Is the Natural Health Industry Approaching Its Darkest Hour?
In my opinion, we are on the precipice of a major paradigm shift that will reshape the natural health industry forever. Will the industry survive? Absolutely--and it will adapt and thrive, but it will be a far cry from the days of its inception. The natural roots of our inception grew a healthy tree. However, today‘s health industry has grafted in branches feeding from the essence of the roots, but the fruit produced doesn’t necessarily resemble the original. Its properties are questionable in regards to raw material purity, potency and therapeutic value. Those demarcations that used to be so easy to see are being blurred in the name of regulatory compliance.
Now, under the stewardship of the CHFA, all supplements are now under Natural Health Products Directorate (NHPD) regulations. To set the record straight so that I am not perceived as opposed to licensing, our entire product line is licensed. Still, no matter what spin is applied, Natural Product Numbers (NPNs) are in a drug subclass. Through a sleight of hand, they are referred to as “natural health products.” This placement should have been fought like hell, but here we are. Food-based supplements don’t require warnings and adverse reactions; they only do if one considers mixing them with prescription medicine. Now, supplement warnings closely resemble those of pharmaceutical drugs. I ask you: who benefits by drug-style warnings? Health Canada is happy, and so is the pharmaceutical industry, and when they smile, I get worried. This new “middle-ground” category raises a whole new set of industry security concerns.
With the new regulations in full swing, how will creativity flourish without patent protection like what is given to the pharmaceutical industry? I can use my experience of Kava Kava as an example. Space is limited to fully explain Kava’s history and downfall from grace. After 10 years of Kava being banned from the Canadian market, I worked with a licensing company with the goal of bringing it back. After 3 1/2 years of submitting clinical evidence, addressing numerous IRN rejections, and spending tens of thousands of dollars, we brought Kava back with a license to be a calmative and a sleep aid. Unlicensed Kava is still classified by Health Canada as high risk, and if a consumer were to become sick using a non-licensed product, that one strike may be enough to permanently remove Kava--licensed or not--from ever being sold again.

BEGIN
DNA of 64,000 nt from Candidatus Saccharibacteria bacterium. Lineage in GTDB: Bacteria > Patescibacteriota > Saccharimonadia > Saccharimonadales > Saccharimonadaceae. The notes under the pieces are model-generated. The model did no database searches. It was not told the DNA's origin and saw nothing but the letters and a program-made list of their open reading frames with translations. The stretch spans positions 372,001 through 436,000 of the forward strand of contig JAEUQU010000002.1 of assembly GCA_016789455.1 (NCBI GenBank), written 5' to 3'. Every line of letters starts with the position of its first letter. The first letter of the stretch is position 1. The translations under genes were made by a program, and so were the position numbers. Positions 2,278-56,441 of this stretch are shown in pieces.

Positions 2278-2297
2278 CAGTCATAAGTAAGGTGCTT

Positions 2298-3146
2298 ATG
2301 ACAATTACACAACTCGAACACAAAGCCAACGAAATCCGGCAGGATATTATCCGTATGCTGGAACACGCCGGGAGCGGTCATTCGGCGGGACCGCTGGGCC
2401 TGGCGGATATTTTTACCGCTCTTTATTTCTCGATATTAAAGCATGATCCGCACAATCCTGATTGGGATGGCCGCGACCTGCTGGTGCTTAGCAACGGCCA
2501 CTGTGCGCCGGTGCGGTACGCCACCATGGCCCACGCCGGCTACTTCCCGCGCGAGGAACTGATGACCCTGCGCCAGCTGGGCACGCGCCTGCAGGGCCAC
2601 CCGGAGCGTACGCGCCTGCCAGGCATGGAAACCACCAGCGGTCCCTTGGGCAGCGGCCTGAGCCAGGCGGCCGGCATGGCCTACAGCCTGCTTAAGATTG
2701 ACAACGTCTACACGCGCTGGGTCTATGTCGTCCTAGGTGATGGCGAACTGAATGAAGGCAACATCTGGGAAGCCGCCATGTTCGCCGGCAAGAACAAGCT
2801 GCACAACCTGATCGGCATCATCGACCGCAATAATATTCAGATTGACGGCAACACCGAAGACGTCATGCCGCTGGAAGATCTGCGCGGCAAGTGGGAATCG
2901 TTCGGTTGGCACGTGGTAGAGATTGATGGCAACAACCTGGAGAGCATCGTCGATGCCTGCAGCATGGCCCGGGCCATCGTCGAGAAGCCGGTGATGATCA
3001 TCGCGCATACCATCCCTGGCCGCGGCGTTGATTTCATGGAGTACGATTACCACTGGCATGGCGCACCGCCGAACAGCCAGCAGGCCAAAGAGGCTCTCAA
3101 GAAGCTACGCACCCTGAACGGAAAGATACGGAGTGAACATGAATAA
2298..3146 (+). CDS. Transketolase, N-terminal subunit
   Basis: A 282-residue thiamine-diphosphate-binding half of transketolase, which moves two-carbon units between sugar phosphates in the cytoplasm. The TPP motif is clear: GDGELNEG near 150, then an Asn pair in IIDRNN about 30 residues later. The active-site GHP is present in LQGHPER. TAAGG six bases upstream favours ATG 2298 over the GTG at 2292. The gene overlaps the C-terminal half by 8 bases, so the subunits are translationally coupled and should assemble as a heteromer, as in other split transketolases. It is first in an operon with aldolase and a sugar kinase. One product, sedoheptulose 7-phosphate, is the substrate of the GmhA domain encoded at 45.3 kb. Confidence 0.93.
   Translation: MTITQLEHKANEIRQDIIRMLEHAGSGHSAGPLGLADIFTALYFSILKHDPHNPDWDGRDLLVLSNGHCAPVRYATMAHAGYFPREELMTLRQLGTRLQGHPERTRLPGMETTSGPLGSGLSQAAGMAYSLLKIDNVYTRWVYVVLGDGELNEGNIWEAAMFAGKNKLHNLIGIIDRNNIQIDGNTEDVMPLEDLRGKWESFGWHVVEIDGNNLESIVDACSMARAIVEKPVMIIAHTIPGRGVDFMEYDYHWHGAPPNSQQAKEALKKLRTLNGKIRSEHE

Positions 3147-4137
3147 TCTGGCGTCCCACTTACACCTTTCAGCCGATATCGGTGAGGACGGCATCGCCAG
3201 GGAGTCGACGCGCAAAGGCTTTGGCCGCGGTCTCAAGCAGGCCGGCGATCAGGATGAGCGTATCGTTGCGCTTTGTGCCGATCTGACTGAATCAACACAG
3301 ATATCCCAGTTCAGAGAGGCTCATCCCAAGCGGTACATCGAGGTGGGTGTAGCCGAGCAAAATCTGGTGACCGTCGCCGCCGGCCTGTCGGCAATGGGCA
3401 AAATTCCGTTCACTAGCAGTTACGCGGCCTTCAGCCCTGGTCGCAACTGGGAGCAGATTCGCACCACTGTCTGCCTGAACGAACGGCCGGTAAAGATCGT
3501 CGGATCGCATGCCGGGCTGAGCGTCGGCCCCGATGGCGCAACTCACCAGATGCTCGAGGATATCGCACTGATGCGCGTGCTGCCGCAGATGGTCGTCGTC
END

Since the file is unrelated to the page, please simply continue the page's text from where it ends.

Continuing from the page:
Speaking from the heart and from my love of the health industry, we must as an industry support the intellectual efforts of the suppliers. Through their efforts, new products enter the marketplace, and without support or incentive, creativity will cease because there is no reward for their efforts. In the pharmaceutical world, a patent is granted to allow for the recovery of investment. However, NPN’s cannot rely on recovery being granted, but instead must rely on the industry to recognize their contribution and support their efforts until another supplier is granted a similar license.
Another troubling fact is that Canada has the Freedom of Information Act. To obtain an NPN, a supplier spends years compiling research and invests tens of thousands of dollars, plus hundreds of hours. However, a competitor can apply and request that information to be released with little or no effort. Thus far we have had this happen many times. I view this as theft, just like a copyright infringement. Others may see it as free enterprise and an easy opportunity. Maybe I am old school, but it just doesn’t feel right.
With these dangers, will our natural industry remain fruitful in years to come? I guess that depends on our gardening skills and how we prune the tree.